Sunday, July 22, 2012

The Holy Grail

Every drum collector has one. It's the one they've always wanted but can't afford, or the one they've always searched for but never found. It's the ultimate rarity, the stunningly gorgeous eye catcher, the conversation piece worthy of even the most astute enthusiast's attention. And maybe it changes over the years depending on the focus of one's collecting.

At one point in time my Holy Grail was a Ludwig & Ludwig "Black Beauty" - a popular choice among drum collectors. I bought the drum pictured at right in the Summer of 2007. Dating from the early 1930s, this drum was produced while the company was under Conn ownership and not long before their engraved metal shell drums went out of production altogether. The brass shell is a heavy one-piece version with a factory installed tone control. Both of these elements along with the understated engraving pattern help date the drum roughly to 1932 - 1934, or so the Ludwig experts tell me.

But since the focus of my collecting has long since shifted to the Boston based makers of the early 1900s, so has my holy grail. Below is my current list of three such drums in reverse order. I know that at least two of the these three instruments actually exist....

3.) Pearl Covered Master-Model by George B. Stone & Son, ca. late 1920s.

Photo © 1996 by Harry Cangany
If this one looks familiar, it's because this drum is pictured in Harry Cangany's book The Great American Drums and the Companies That Made Them, 1920 - 1969. Cangany later sold the drum to a collector in Boston. I've met the owner, I've seen his collection, and I've held this very drum in my hands. And I can honestly say that it's real and it's spectacular!

I am also aware of a silver sparkle wrapped Master-Model which is presently in the grasps of another collector and, like the marine pearl drum in Boston, is not for sale. So alas, the search continues. Additionally, I have seen two separate pieces of ephemera documenting the existence of a Master-Model with chrome hardware and finished in "red pearl"! So I know that more examples of pearl wrapped Master-Models are out there. If you have one, we should talk!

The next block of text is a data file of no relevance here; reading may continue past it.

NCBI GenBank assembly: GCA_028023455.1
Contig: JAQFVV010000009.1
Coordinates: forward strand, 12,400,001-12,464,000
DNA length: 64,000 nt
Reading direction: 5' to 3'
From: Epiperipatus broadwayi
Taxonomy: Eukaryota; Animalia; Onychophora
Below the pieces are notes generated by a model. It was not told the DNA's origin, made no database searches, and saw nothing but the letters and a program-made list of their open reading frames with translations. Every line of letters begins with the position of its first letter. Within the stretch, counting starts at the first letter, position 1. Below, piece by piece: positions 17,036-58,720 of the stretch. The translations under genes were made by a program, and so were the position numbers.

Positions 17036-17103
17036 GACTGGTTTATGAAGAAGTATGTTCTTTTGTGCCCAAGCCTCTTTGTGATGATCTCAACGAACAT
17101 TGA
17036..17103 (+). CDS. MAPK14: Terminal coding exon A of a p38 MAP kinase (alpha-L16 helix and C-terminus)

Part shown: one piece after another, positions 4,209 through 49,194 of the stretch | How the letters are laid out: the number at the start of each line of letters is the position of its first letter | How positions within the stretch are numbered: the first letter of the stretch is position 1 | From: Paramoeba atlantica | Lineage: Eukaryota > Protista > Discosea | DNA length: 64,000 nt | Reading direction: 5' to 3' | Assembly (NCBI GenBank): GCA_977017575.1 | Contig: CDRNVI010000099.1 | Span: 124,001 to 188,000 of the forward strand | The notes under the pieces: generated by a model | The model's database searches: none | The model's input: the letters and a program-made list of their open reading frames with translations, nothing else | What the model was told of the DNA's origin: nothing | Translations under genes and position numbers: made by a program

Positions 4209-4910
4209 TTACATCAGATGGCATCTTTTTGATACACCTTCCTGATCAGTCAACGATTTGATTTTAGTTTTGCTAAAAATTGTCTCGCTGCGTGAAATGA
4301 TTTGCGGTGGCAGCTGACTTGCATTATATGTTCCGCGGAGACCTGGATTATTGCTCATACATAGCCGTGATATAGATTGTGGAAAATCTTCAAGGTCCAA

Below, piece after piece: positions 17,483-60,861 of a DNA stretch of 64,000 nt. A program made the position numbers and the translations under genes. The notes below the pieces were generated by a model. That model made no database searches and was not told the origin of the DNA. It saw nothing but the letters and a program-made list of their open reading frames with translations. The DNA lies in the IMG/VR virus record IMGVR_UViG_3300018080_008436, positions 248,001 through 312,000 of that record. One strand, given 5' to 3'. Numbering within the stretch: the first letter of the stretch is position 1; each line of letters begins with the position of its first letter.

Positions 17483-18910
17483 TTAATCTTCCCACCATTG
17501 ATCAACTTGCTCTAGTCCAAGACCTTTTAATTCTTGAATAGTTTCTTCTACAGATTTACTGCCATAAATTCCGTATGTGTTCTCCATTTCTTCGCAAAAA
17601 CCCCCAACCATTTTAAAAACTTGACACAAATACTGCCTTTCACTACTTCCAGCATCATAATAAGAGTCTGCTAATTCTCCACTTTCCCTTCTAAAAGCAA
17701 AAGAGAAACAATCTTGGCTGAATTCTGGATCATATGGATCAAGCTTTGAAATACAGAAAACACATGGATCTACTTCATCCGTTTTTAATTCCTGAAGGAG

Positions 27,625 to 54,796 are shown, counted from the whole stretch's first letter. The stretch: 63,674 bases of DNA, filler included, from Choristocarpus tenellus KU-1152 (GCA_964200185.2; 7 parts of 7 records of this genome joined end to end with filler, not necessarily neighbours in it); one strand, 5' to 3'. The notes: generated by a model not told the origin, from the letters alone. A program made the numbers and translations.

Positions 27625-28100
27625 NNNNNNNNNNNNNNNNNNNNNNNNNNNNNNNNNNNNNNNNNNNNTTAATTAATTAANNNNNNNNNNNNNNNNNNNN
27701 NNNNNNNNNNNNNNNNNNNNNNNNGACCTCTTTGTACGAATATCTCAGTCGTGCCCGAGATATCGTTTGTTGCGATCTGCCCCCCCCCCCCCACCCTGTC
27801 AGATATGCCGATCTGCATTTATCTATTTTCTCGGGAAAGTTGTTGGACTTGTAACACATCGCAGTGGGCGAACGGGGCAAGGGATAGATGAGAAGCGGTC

UPDATE: A White Marine Pearl Master-Model has surfaced!!!

2.) All-Metal Master-Model by George B. Stone & Son, ca. 1925

Introduced in 1925 (after the publication of Catalog K in which there is no mention of such a drum) the All-Metal Master-Model was for all intents and purposes a Stone Master-Model built around an aluminum shell rather than the customary three-ply, 5/8" thick maple. Gladly, I can confirm that this drum exists even beyond second hand reports from two other credible collectors and even the press release pictured here.

I was contacted about a year and a half ago by an older gentleman who had an All-Metal Master-Model in his possession. The pics he emailed me were cropped and out of focus, but the proof was there. It looked to have possibly been painted but the knobby gold hardware really stood out from the cream colored shell. Unfortunately, our communications broke down and we fell out of touch. But at least I know that there is such a drum to be unearthed.

UPDATE: An All-Metal Master-Model has surfaced!!!

1.) Engraved Snare Drum by Charles A. Stromberg, ca. 1920s

I'd have to categorize this one as the rarest of the rare in terms of early 20th century Boston-made drums. It's little more than a myth to me really, but a very noteworthy collector claims that such a drum does in fact exist and that he has seen it with his own eyes. The tale of his encounter with this drum is amusing if nothing else as it involves an old-school curmudgeon living out of an un-airconditioned RV in the dead of summer at a swap meet. This all leads me to wonder exactly how credible the account really is. But what do I know? I wasn't there. In support of his claim, Stromberg was known for his high degree of craftsmanship and ornately detailed examples of Stromberg guitars and banjos are well documented.

So if by any wild chance you happen to come across one of these three drums, please get in touch with me! We'll work out a deal. And I promise you that no one will be more thrilled to bring in one of these instruments. As always, you can reach me by emailing